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Forgiveness and pain: The only way out is through

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 (Reuters)

Editor's note: We all need to forgive, and there are many of us who need forgiveness. The question is, how do we forgive? In their new book, "The Book of Forgiving," Archbishop Tutu and his daughter Mpho Tutu share their experiences, the stories of others who have inspired them, and what they have learned about the process of forgiving, to help all of us learn the answer to this. And, they are calling YOU to join the Tutu Global Forgiveness Challenge, to join them in undertaking the path for healing ourselves and our world.

When I am hurt, when I am in pain, when I am angry with someone for what they have done to me, I know the only way to end these feelings is to accept them. I know that the only way out of these feelings is to go through them. We get into all sorts of trouble when we try to find a way to circumvent this natural process.

Growth happens through obstacles and only with resistance. A tree must push up against the dirt, the solid resistance of the ground, in order to grow.

Granting Forgiveness

Forgiveness is a choice.
We grow through forgiving.
Forgiving is how we move from victim to hero in our story.
We know we are healing when we are able to tell a new story.

Muscles grow when we apply a counterforce of resistance against them, but first they tear apart and break down, only to become even stronger in the rebuilding. 

A butterfly struggles against the cocoon that surrounds it, and it is this very struggling that makes it resilient enough to survive when it breaks free. So it is that you and I must struggle through our anger, grief, and sadness, and push against the pain and suffering on our way to forgiving.

When we don’t forgive, there is a part of us that doesn’t grow as it should. Like the butterfly, we must become stronger and more resilient, and we will transform. We cannot remain frozen in a chrysalis.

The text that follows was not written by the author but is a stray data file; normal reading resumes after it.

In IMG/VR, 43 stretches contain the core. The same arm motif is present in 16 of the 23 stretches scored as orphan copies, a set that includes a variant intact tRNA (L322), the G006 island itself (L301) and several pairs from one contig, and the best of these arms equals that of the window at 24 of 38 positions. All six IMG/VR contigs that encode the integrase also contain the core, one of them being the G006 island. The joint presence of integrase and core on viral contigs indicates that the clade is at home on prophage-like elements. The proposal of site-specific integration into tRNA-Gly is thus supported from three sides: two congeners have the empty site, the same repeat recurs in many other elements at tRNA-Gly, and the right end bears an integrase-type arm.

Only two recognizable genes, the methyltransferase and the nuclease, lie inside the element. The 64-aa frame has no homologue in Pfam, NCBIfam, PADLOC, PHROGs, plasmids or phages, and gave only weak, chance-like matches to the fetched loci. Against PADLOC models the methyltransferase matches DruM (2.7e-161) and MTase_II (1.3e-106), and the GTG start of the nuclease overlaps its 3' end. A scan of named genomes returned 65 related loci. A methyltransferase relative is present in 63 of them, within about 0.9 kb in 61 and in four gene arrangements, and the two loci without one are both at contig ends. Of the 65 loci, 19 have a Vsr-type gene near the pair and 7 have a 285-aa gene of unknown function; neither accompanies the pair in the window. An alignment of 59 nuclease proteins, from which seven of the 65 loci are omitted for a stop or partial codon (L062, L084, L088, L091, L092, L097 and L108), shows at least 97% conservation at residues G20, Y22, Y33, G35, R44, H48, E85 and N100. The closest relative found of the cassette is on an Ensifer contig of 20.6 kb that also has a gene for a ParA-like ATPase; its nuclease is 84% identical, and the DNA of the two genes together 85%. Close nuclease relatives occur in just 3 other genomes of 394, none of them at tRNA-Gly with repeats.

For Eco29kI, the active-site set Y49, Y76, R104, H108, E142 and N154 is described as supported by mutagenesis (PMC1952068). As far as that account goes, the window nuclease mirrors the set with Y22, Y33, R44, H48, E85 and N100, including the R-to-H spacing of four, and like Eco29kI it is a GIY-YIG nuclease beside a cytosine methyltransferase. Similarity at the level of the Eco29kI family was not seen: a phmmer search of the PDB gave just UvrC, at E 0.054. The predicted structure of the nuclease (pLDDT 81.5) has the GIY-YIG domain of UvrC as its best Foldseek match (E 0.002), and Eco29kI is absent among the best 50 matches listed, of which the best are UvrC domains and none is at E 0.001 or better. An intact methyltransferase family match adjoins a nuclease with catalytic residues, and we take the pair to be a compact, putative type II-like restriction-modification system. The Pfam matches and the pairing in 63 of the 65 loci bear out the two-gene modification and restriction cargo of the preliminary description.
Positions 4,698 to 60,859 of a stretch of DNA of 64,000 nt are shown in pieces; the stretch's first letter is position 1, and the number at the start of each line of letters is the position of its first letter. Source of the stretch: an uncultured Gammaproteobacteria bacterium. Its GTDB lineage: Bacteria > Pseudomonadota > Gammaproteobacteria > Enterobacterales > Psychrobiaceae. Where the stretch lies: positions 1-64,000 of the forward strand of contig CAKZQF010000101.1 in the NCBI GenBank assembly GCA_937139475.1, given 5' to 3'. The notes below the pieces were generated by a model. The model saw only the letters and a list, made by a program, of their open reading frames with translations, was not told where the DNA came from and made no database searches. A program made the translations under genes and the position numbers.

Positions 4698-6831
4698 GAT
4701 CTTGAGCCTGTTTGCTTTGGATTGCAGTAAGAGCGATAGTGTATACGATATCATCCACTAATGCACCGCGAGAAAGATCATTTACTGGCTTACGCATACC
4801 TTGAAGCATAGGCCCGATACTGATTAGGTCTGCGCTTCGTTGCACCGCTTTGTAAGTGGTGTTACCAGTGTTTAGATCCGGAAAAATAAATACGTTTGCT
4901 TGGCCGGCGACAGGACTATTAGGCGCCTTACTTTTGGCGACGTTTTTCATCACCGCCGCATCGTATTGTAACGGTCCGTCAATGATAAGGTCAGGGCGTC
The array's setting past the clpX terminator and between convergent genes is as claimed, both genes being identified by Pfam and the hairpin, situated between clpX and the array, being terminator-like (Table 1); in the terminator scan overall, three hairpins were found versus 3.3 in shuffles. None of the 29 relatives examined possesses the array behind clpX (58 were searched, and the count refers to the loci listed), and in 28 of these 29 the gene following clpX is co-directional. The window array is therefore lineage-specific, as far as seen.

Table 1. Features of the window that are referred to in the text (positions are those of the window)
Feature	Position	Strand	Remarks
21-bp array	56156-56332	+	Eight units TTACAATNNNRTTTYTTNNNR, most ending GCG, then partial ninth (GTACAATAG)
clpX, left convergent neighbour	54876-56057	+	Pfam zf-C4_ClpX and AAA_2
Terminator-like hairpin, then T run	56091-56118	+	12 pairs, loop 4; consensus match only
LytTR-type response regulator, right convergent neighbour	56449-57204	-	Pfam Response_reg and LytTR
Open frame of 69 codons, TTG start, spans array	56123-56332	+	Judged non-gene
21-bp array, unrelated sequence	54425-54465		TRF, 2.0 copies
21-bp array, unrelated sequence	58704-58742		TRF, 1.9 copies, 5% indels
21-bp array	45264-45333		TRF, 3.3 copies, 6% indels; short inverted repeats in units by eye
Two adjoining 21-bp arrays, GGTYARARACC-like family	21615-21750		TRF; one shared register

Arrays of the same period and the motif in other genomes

We would understand if the Dalai Lama, after more than fifty years in exile, was embittered and full of hate for the people responsible for his and his people’s exile, but instead he has made the choice to forgive, and he is one of the most joyful and compassionate people I have ever met.

We admire people like this, people who grow through forgiving. 

His compassion is all the more remarkable because of the forces set against him, which could have evoked anger and rage. We can all strive to be this way. But it does not come easy or cheap. We must choose forgiveness over and over again, and cultivate it as a quality of our character.

Sometimes we are able to forgive quickly and sometimes more slowly. If you find that you are still resistant to the idea of forgiving, it is understandable. Many people will carry grudges and resentments for years, believing this will somehow hurt the other person. In truth, it often only hurts the one who carries the grudge or resentment.

Many of us live our lives believing that hating the person who hurt us will somehow end the anguish, that destroying others will fix our broken, aching places. It does not.

So many seek this path and it is only when they stand in the aftermath of destruction, amid the rubble of hatred, that they realize the pain is still there. The loss is still there. 

Forgiving is the only thing that can transform the aching wounds and the searing pain of loss.

Excerpted from "The Book of Forgiving," by Archbishop Desmond Tutu and Reverend Mpho Tutu, reprinted with permission by HarperOne, an imprint of HarperCollins Publishers. Copyright 2014. 

To sign up for the Tutu Global Forgiveness Challenge, visitforgivenesschallenge.com.

The Reverend Mpho Tutu is currently the Executive Director of
The Desmond & Leah Tutu Legacy Foundation, and is pursuing a doctorate on the subject of forgiveness.

Archbishop Desmond Tutu won the Nobel Peace Prize in 1984 and was appointed as chair of South Africa’s Truth and Reconciliation Commission in 1994.

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